Android applications that harvested user details should serve as a further warning on mobile security

News by Dan Raywood

The details of Android mobile phone users were collected, after more than 80 wallpaper applications harvested numbers and personal details.

The details of Android mobile phone users were collected, after more than 80 wallpaper applications harvested numbers and personal details.

According to security firm Lookout, the apps transmitted unencrypted sensitive data back to remote servers and in one instance, sent data back to China. In a presentation at last week's Black Hat conference in Las Vegas, Nevada, CTO Kevin Mahaffey said that he had found a series of wallpaper applications in the Android Market that were gathering ‘seemingly unnecessary data'.

He said: “The wallpaper applications that we analysed transmitted several pieces of sensitive data to a server over an unencrypted network connection. The data included the device's phone number, subscriber identifier (e.g. IMSI) and the currently entered voicemail number on the phone (see below for technical details).

"While this sort of data collection from a wallpaper application is certainly suspicious, there's no evidence of malicious behaviour. There have been cases in the past on other mobile platforms where well-intentioned developers are simply overzealous in their data gathering, without having malicious intent.”

He pointed out that there is code in the wallpaper applications that access sensitive data, and not all applications that access sensitive data actually transmit it off the device.

He said: “In order to see what sort of information the wallpaper applications transmit to the internet, we analysed the network traffic generated by the application. When we used the application, one request in particular stood out, an unencrypted HTTP request to a server named ‘'.

“While the data this app is accessing is certainly suspicious coming from a wallpaper app, we want to be clear that there is no evidence of malicious behaviour. There have been cases in the past where applications are simply a little overzealous in their data gathering practices, but not because of any ill intent. We've been working with Google to investigate these apps and they're on top of it.”

Commenting, Simeon Coney, VP of business development and strategy at AdaptiveMobile, said that this revelation was a call for organisations in the mobile sector to tighten controls and policies to ensure personal data is protected.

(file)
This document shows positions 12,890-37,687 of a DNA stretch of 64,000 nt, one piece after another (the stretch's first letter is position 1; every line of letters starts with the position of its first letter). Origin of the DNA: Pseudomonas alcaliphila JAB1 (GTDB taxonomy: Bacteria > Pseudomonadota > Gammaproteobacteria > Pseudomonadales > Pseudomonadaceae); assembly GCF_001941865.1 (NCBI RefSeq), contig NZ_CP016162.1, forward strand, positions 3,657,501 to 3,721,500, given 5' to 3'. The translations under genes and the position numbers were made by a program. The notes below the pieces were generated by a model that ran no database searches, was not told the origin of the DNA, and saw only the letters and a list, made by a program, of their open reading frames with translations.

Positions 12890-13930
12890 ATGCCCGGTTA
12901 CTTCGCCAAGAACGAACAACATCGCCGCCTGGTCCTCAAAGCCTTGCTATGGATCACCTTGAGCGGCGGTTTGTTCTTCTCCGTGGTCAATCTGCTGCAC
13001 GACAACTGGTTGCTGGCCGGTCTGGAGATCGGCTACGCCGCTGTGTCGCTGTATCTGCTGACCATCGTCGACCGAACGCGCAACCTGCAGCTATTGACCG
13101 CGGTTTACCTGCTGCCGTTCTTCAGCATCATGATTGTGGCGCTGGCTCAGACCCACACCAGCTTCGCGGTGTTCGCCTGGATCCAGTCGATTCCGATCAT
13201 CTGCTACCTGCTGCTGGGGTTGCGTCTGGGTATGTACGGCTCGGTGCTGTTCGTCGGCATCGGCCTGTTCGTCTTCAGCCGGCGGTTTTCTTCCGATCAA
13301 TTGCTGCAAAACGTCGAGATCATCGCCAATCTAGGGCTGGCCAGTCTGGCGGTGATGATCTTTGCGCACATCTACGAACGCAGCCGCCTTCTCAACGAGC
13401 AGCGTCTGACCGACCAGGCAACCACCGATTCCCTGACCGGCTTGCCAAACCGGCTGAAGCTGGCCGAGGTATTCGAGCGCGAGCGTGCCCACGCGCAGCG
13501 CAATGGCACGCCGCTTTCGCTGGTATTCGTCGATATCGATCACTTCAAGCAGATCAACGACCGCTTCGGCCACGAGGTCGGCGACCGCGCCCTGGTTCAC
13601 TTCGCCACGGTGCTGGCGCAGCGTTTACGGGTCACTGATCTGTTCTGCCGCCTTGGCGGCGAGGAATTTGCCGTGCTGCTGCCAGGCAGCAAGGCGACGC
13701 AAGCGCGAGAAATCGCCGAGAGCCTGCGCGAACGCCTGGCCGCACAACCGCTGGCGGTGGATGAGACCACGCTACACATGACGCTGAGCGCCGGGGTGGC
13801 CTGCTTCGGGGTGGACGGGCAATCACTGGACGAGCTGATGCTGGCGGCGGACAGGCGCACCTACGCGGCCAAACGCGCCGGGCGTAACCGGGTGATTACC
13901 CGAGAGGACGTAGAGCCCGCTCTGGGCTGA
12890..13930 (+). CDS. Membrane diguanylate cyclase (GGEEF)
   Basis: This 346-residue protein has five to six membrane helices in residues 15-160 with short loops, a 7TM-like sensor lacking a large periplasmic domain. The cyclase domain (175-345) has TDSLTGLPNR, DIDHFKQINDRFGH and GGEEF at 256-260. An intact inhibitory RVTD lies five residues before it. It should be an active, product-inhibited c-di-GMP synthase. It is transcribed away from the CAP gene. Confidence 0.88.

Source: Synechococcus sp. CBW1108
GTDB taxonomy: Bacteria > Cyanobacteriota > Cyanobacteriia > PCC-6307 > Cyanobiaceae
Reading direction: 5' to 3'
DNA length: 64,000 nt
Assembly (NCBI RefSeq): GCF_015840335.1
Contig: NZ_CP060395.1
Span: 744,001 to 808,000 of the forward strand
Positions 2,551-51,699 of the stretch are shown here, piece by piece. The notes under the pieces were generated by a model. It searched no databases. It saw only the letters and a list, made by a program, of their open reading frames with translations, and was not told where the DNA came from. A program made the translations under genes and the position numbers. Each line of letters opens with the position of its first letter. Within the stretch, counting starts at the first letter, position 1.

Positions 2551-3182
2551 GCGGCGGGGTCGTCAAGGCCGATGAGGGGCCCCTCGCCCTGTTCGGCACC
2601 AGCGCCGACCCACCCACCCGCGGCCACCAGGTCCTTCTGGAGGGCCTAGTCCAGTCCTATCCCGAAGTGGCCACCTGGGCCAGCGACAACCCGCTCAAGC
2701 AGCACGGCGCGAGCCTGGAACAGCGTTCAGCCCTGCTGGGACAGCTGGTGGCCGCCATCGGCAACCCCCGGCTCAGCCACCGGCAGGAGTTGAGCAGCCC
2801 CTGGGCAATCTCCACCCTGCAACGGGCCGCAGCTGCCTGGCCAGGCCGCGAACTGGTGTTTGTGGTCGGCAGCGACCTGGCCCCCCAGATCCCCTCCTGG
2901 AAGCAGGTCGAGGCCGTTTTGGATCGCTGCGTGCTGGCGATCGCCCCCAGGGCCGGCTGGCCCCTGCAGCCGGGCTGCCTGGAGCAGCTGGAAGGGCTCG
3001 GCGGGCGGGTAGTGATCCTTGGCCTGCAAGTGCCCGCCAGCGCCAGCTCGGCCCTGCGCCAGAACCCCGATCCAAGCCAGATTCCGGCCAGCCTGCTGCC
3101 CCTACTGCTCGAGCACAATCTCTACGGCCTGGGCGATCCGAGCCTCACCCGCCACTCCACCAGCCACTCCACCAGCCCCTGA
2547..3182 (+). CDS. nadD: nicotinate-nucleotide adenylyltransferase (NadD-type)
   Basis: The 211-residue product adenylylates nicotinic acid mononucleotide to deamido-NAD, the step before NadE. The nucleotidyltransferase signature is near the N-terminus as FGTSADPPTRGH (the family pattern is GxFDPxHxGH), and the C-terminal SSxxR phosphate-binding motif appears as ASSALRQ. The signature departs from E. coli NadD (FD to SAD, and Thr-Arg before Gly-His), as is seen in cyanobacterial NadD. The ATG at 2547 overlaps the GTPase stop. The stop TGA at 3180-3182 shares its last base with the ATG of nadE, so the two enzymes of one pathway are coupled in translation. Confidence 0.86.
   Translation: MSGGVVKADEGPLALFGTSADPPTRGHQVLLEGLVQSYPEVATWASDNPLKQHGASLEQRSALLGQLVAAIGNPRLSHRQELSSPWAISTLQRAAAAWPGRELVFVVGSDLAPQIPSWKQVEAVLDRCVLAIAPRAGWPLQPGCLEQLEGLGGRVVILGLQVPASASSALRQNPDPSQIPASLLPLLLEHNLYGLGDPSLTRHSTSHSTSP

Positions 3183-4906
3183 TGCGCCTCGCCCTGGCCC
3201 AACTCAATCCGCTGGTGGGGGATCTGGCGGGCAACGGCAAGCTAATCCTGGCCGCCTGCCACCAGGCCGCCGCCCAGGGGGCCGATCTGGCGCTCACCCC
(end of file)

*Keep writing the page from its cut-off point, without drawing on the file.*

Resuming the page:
He said: “Unfortunately, malicious applications that are designed to extract data look genuine and the vast majority of users are unaware that it could pose a risk. Once the app is active on the handset, any data being harvested will almost always occur in the background without the user ever being alerted.

“The reality is there is often no easy way for users to identify whether apps are potentially malicious or not. Responsibility primarily lies with the developers and the app stores, but mobile operators are increasingly providing ‘clean internet' services that also safeguard users against malicious applications. These network-level defences enable operators to identify threats and block breaches early, and without needing subscribers to update handset applications.”

Coney echoed recent claims made by Veracode CTO Chris Wysopal. He said that with the increasing use of embedded advertising in applications, new risks are introduced on advert web click-through and automatic call dialling.

“With the surge in sales of smartphones and other 3G-enabled devices, there are hundreds of thousands of users accessing app stores every day - and the apps they are downloading are increasingly designed to exchange data with the internet. In the early days of mass-market PC adoption, users had to be educated on the potential security risks they may face online. The same is now true for the mobile world. Only when users are made aware of potential security issues, will they be armed with enough knowledge to avoid putting themselves at risk,” said Coney.


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